When sub-pixels are combined, it is possible to produce 16.8 million colors (256 x 256 x 256) since the eye only sees blended colors as a result of the three independent sub-pixels.”

In both AMOLED and LCD you have something called color gamut. Color gamut is often described as the range of available colors that can be displayed on a device, in this case a smartphone. Often LCDs are said to offer the most natural looking colors, largely because the types of media we consume fit into the default/standard RGB color gamut. Of course, this isn’t always the case, since some manufacturers tend to mess saturation and ultimately the overall color balance.

It’s important to note that this gets all very technical and complex, obviously. It’s really nothing to be concerned about when buying a new device though — all that end-users need to know is that because of this LCDs often have more realistic-looking colors while AMOLED might have some more vibrant and deeper colors, some might say. And it’s true, mostly anyway. AMOLED panels are made with overall more vibrancy, making those displays look a lot more colorful than what you might find on an LCD panel.



Still, it really comes down to a matter of taste and opinion. Preferences of LCD or AMOLED come down to the opinion of individual people. In other words, there isn’t one that’s better than the other, and that’s largely because we all view colors differently than another person.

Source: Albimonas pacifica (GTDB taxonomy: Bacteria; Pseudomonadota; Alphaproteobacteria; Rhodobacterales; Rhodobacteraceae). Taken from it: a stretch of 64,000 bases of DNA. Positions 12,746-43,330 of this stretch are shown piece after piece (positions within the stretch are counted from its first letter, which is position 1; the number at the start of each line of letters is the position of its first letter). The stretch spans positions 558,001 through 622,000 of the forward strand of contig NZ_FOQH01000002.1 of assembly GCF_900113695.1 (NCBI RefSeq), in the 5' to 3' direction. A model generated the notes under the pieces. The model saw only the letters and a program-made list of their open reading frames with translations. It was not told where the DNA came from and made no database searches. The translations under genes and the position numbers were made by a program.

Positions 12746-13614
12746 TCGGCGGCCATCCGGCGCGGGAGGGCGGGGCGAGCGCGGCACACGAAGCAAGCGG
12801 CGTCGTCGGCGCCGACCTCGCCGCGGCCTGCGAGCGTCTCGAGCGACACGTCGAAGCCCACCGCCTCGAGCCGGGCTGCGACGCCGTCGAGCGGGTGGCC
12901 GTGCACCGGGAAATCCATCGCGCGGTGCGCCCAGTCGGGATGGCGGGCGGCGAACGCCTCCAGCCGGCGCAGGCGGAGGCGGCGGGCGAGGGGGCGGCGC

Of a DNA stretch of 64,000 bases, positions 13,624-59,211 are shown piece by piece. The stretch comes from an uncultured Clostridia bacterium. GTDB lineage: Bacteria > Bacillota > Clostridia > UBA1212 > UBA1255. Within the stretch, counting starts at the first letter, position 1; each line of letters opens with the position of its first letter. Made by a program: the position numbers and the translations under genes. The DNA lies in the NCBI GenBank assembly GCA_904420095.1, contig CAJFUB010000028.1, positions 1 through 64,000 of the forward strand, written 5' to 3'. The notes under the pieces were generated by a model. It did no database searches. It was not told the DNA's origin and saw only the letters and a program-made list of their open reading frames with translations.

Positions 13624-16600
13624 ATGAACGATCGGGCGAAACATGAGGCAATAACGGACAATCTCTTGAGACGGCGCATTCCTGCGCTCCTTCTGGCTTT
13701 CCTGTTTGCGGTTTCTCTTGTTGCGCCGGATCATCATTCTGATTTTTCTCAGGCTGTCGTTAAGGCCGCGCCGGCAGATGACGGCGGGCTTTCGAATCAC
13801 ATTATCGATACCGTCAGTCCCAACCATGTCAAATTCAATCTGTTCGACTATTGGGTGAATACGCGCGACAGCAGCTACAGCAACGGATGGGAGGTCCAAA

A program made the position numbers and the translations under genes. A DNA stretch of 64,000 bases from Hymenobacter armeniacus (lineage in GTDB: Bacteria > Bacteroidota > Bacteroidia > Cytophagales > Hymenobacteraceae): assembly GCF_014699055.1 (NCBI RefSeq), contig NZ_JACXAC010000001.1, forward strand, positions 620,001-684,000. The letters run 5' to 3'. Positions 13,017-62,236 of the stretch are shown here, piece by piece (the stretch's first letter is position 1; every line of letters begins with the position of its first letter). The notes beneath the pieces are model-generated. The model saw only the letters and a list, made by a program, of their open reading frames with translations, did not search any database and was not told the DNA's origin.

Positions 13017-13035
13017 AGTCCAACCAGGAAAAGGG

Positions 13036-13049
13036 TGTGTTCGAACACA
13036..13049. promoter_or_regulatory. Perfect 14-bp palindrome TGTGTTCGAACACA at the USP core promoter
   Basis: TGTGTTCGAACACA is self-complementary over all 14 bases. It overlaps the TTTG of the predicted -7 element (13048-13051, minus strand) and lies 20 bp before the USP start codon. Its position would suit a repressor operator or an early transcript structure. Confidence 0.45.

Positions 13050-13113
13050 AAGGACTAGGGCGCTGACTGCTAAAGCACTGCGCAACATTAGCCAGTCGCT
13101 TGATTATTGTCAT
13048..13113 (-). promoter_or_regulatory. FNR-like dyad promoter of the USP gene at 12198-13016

All you really need to know is that, chances are, you’ll find deeper and more vibrant colors on AMOLED. If you want something that aims at closely resembling real-life colors, you’re more likely to find that on a smartphone with an LCD panel. But, once again, color really comes down to a matter of opinion. I know, it’s a cliche saying, but it’s very true. Everyone sees color differently and have different preferences of what they like, so it really is hard to nail down whether one is better than the other. But, this at least gives you a place to start shopping around.

It’s worth noting that LCDs do generally draw much more power than AMOLED since they have a backlight that has to be constantly powered, whereas AMOLED panels don’t. But, in the time you have the device, it really isn’t going to impact your experience significantly, if you notice anything at all. The battery drain really isn’t going to be increased much either.


When it comes down to it, the technology behind both LCDs and AMOLED is really interesting. By understanding some of what happens behind-the-scenes, you can make a better informed buying decision for your next smartphone. Do you want it to have an LCD or Super AMOLED/AMOLED screen? Well, now you can make an informed decision on why you might prefer one over the other, and ultimately, end up happier with your purchase.

About the Author: Brad Ward

Brad is a tech enthusiast, writing and tinkering with all things technology since 2011. He currently bounces between the LG G3 and his beloved Moto X! His interests include reading, entrepreneurship, the gym, and of course, queso.